- This study examined data from 41 sequential autopsies of patients who died of COVID-19 between March and July 2020
- 30 patients (73%) had myocardial cells infected by SARS-CoV-2 and four had myocarditis
- Among the 38 patients who died in the hospital, all four patients with myocarditis required renal replacement therapy compared with 6/34 without myocarditis (P=0.002)
- New atrial fibrillation or premature atrial complexes occurred only in patients with cardiac SARS-CoV-2 infection (11/24 vs. 0/10 without infection; P=0.01)
- Nonbiologic immunosuppression (predominantly with corticosteroids) was associated with significantly lower incidences of myocarditis and cardiac infection by SARS-CoV-2, which may help explain the efficacy of corticosteroids against COVID-19
Arrhythmias and acute heart failure have been reported in patients with COVID-19, and autopsy studies have documented multiple types of cardiac pathology, from microvascular thrombi to full myocarditis.
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To investigate the effects of cardiac pathology, Mayara Bearse, MD, research fellow, and James Stone, MD, PhD, director of Autopsy and Cardiovascular Pathology, both of the Department of Pathology at Massachusetts General Hospital, and colleagues examined data from 41 sequential autopsies of patients who died of COVID-19 between March and July 2020, using in situ hybridization and NanoString transcriptome profiling.
They report in Modern Pathology that infection of the heart by SARS-CoV-2 is common, although limited, and is linked to differences in clinical features and COVID-19 treatment.
Pathologically Defined Groups
The researchers stratified patients into three groups:
- Four who had SARS-CoV-2–infected cells in the myocardium (V+) and had myocarditis (M+)
- 26 who were V+ and M−
- 11 who were V− and M−
Thus, 30 patients (73%) had infected myocardial cells and four had myocarditis. In three patients the myocarditis was limited to multiple small discrete foci; in the fourth, it was more extensive.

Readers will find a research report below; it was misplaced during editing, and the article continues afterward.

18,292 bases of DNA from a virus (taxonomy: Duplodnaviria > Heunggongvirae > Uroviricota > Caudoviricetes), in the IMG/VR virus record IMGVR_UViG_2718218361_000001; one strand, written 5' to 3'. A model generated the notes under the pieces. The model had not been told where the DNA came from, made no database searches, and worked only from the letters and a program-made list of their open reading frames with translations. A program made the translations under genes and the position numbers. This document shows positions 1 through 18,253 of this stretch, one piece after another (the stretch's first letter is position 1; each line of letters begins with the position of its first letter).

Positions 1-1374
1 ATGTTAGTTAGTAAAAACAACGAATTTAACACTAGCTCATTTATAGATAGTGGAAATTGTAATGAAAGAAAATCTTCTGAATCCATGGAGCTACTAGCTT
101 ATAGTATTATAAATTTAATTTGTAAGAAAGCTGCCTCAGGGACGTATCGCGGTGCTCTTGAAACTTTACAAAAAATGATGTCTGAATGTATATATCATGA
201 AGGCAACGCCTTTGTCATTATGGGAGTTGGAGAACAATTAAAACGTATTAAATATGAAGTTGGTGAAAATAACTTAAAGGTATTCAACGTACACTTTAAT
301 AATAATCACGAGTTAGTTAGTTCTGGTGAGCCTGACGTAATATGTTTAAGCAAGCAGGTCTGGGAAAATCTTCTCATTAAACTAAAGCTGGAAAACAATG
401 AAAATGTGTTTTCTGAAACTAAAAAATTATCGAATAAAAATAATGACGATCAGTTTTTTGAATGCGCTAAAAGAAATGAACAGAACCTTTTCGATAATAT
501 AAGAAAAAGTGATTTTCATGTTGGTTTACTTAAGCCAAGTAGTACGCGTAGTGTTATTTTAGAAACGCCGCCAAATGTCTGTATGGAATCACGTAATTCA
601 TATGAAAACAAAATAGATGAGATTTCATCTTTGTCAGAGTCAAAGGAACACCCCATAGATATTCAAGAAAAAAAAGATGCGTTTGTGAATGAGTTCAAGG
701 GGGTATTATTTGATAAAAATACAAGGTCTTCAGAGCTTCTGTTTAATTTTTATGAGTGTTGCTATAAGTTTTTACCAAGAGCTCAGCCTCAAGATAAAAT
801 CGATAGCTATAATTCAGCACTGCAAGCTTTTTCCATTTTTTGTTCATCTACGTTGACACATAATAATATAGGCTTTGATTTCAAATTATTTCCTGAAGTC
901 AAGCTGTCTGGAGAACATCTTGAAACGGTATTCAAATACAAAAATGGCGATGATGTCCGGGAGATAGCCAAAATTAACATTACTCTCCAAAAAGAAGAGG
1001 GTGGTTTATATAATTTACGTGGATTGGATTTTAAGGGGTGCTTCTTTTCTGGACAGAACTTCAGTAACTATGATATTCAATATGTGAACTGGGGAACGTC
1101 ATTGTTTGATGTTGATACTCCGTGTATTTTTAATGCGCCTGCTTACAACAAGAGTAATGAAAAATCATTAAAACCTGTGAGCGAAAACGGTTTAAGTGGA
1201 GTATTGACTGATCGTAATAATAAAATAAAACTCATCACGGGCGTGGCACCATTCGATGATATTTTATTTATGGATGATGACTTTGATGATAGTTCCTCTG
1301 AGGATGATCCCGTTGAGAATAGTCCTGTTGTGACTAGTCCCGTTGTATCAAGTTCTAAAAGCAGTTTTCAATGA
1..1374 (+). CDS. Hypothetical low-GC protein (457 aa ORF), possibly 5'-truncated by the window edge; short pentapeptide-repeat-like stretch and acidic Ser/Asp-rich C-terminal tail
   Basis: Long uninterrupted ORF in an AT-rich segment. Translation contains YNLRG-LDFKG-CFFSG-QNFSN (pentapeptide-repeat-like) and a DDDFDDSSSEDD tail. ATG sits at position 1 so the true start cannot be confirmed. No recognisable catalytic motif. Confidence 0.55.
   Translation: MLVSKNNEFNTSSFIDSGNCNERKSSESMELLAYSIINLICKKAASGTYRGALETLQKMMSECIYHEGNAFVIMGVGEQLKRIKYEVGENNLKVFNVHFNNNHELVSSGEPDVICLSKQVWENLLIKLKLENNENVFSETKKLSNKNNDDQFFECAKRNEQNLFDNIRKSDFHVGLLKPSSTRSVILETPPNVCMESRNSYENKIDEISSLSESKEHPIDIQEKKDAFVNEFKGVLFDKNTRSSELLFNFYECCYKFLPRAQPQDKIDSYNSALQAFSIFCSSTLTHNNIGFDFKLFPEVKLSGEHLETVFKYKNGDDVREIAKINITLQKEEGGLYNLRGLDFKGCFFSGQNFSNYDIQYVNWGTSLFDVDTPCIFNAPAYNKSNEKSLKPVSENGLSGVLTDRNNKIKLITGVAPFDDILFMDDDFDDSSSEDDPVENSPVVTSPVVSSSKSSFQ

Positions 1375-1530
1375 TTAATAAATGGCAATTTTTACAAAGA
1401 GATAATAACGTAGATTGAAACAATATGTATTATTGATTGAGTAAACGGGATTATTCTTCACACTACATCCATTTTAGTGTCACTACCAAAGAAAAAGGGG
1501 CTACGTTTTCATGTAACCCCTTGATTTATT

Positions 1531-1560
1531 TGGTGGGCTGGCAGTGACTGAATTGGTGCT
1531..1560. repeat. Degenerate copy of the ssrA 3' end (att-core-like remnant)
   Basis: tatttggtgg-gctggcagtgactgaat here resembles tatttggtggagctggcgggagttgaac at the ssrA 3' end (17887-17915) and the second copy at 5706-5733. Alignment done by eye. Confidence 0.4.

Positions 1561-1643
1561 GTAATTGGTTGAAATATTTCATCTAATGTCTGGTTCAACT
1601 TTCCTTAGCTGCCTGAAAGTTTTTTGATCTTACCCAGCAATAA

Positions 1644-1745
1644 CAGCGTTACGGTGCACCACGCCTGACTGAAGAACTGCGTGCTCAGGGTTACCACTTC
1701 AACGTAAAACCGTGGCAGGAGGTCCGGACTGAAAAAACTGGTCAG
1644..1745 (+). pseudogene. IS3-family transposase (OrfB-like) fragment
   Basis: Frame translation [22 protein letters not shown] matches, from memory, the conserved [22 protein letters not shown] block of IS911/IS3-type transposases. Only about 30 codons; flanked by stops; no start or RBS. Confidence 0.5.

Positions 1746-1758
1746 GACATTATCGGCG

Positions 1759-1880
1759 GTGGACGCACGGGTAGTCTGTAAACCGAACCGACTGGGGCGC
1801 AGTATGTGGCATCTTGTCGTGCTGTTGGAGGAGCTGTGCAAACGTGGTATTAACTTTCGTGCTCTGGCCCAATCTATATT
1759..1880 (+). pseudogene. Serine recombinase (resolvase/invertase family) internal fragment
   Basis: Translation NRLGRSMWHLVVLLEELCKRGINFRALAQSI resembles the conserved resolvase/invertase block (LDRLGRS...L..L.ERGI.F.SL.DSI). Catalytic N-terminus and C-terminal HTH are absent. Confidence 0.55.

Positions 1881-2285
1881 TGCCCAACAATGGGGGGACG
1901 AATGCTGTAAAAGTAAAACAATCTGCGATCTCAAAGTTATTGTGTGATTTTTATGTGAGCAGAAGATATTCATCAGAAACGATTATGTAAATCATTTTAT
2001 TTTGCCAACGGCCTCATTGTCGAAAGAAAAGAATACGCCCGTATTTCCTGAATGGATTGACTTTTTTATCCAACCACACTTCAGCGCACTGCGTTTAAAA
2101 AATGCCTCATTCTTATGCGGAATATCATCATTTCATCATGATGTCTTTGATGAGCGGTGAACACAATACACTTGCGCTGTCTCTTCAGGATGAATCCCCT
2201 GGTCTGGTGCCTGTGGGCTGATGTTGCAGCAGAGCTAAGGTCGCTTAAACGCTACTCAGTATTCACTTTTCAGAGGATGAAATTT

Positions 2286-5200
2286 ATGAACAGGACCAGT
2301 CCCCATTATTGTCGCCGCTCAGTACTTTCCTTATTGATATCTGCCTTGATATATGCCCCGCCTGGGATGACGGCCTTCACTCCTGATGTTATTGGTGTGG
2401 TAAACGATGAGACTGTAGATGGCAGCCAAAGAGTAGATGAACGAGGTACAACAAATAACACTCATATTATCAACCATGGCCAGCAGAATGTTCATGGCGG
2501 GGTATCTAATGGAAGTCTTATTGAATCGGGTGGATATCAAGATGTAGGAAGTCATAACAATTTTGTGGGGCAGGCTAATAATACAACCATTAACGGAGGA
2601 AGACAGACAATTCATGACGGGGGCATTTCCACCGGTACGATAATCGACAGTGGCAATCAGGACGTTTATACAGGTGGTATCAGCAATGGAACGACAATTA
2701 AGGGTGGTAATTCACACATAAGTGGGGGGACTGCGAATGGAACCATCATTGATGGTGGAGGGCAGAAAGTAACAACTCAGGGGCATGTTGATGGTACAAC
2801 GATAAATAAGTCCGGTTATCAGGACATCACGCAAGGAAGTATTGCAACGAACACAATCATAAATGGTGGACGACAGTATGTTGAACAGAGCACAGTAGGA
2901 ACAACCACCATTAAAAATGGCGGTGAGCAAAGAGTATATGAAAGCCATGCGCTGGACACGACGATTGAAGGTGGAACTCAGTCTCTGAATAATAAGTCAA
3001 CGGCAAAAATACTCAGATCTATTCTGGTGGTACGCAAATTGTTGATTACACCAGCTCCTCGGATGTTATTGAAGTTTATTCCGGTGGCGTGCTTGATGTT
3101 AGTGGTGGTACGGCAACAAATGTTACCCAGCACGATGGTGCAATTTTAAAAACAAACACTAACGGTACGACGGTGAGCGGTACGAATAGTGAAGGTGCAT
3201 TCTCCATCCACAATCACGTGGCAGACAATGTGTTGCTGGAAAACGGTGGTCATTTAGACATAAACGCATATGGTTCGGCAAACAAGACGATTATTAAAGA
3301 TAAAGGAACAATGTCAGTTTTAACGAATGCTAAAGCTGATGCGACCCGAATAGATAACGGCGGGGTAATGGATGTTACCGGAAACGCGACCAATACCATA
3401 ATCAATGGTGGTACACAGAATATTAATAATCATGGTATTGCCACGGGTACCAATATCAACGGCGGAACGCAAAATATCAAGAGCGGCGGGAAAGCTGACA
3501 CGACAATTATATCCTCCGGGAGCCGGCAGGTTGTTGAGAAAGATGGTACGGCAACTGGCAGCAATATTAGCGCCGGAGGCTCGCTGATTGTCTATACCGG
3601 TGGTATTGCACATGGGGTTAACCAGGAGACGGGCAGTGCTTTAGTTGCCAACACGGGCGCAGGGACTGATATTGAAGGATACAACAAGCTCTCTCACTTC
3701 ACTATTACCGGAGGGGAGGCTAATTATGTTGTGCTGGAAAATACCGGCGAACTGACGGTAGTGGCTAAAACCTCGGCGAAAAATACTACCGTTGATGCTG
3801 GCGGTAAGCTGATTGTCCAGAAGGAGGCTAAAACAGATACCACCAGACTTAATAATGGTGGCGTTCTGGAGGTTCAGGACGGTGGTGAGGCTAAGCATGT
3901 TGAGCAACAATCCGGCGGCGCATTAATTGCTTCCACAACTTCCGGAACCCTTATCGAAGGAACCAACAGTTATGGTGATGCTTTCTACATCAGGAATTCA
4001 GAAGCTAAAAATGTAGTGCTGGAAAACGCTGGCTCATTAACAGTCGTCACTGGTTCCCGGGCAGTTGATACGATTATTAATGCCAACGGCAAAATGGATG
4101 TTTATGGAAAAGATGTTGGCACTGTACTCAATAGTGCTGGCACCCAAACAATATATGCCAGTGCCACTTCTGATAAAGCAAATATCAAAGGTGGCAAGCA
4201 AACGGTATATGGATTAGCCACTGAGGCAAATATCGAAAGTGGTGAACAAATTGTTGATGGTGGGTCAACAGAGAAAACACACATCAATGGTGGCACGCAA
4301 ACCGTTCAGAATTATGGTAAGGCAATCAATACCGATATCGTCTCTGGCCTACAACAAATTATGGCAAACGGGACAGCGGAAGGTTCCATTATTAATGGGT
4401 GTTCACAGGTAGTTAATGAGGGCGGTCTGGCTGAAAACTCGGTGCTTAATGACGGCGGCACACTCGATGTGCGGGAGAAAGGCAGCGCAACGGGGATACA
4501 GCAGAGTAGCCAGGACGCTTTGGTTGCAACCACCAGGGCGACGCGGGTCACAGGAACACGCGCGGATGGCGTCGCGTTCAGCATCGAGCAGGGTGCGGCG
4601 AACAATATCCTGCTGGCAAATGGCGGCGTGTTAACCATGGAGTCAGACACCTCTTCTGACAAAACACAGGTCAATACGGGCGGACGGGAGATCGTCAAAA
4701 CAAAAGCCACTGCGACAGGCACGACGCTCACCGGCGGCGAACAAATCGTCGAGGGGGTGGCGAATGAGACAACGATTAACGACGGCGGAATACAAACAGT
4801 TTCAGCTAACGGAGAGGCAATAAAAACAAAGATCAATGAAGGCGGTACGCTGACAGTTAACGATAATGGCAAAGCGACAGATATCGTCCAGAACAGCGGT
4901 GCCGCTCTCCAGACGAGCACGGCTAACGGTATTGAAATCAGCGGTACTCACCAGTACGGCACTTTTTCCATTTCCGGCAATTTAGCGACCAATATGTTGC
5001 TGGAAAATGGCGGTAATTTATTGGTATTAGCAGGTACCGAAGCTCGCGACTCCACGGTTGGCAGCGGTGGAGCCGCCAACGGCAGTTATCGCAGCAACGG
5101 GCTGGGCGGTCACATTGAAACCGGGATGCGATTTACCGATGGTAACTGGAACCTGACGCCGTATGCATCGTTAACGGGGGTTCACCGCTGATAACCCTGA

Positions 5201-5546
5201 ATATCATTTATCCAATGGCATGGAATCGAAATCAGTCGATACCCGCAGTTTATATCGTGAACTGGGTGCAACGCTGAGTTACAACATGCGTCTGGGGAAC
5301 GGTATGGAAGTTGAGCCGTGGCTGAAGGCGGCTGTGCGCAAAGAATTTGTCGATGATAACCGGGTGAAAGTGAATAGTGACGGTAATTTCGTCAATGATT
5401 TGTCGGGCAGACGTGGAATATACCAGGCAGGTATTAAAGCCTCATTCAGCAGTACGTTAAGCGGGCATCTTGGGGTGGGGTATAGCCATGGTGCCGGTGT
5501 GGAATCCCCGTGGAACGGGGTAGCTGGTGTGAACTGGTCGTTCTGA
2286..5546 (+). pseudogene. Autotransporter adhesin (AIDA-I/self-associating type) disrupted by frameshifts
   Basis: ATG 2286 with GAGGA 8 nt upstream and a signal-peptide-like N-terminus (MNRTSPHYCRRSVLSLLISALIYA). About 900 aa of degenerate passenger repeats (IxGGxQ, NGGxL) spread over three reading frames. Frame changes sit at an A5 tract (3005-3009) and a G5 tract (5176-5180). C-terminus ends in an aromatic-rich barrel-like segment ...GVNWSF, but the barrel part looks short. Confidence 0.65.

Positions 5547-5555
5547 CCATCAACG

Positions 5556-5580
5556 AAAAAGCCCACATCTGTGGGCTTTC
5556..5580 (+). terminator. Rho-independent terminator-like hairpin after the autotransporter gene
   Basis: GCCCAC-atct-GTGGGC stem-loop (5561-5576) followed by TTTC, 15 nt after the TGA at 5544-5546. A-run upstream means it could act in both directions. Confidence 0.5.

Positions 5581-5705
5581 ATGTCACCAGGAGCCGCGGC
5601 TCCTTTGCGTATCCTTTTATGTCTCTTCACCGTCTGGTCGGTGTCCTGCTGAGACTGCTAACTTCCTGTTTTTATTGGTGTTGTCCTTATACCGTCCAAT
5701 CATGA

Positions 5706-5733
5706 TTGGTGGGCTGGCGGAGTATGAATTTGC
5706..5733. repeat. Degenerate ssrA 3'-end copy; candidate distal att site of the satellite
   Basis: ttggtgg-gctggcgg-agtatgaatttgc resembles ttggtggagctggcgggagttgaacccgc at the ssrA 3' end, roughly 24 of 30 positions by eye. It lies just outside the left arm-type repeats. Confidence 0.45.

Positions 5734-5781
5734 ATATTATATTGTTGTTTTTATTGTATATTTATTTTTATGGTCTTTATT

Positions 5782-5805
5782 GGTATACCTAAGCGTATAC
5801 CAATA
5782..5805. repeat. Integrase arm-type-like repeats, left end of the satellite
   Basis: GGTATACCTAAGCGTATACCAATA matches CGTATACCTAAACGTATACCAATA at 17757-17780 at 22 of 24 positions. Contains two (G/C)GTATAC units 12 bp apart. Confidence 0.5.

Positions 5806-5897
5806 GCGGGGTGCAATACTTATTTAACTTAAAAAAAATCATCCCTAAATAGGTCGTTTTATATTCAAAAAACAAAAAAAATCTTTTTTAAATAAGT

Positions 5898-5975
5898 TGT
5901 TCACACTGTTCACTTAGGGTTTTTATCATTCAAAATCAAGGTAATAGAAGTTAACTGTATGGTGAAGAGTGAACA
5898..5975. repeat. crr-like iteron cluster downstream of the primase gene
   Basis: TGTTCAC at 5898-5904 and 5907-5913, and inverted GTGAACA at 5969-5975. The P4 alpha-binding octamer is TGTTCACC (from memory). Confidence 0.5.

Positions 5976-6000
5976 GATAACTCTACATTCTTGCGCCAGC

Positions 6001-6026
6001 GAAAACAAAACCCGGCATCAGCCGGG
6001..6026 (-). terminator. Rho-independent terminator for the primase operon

The three groups did not differ with regard to individual comorbidities or a composite risk factor score that considered age, body mass index, heart weight, severe coronary artery disease, and previous history of diabetes, hypertension, hyperlipidemia, myocardial infarction, autoimmune disease or smoking.
Variation in Cardiac Inflammation
Compared with the 11 patients who did not have a cardiac infection by SARS-CoV-2, the 30 V+ patients had increased densities of myocardial CD68+ macrophages, CD3+ T cells and CD4+ helper T cells. The four patients with myocarditis had increased densities of the same cell types when compared with the V+M− and V−M− groups.
Key Clinical Findings
Renal replacement therapy (RRT)—Of the 38 patients who died in the hospital, 4/4 with myocarditis required RRT compared with 6/34 without myocarditis (P=0.002).
Cardiac rhythm assessment was available for 34 patients who died in the hospital and did not have a prior history of atrial fibrillation. In this group, atrial fibrillation or premature atrial complexes occurred only in patients with cardiac SARS-CoV-2 infection (11/24 vs. 0/10 without infection; P=0.01).
Echocardiography was performed on the four myocarditis patients (within one week of death in three cases). All four had normal left ventricular function and myocarditis was not the cause of death in any of them.
Serious cardiac outcomes—Two patients had cardiac-related causes of death (acute heart failure or refractory ventricular tachycardia) and three had reduced left ventricular ejection fraction; all had SARS-CoV-2–infected myocardial cells.
Correlations Between Clinical Features and Myocardial Inflammation
Regardless of the presence of myocarditis or cardiac SARS-CoV-2 infection, myocardial inflammation correlated positively and strongly with the duration of symptoms and hospitalization and negatively with the red blood cell count. Myocardial inflammation may result in many patients having a long COVID-19 illness prior to death.
SARS-CoV-2 infection of myocardial cells was less prevalent in patients who received nonbiologic immunosuppressants (predominantly corticosteroids) than in those who did not (7/14 vs. 21/24; P=0.02). Similarly, patients treated with nonbiologic immunosuppressants had a lower prevalence of myocarditis than those treated with interleukin-6 blockade without nonbiologic immunosuppression (0/14 vs. 2/3; P=0.02).
Part of the efficacy of corticosteroids against COVID-19 might be related to reduced cardiac infection by the virus along with reduced myocardial inflammation and myocarditis.
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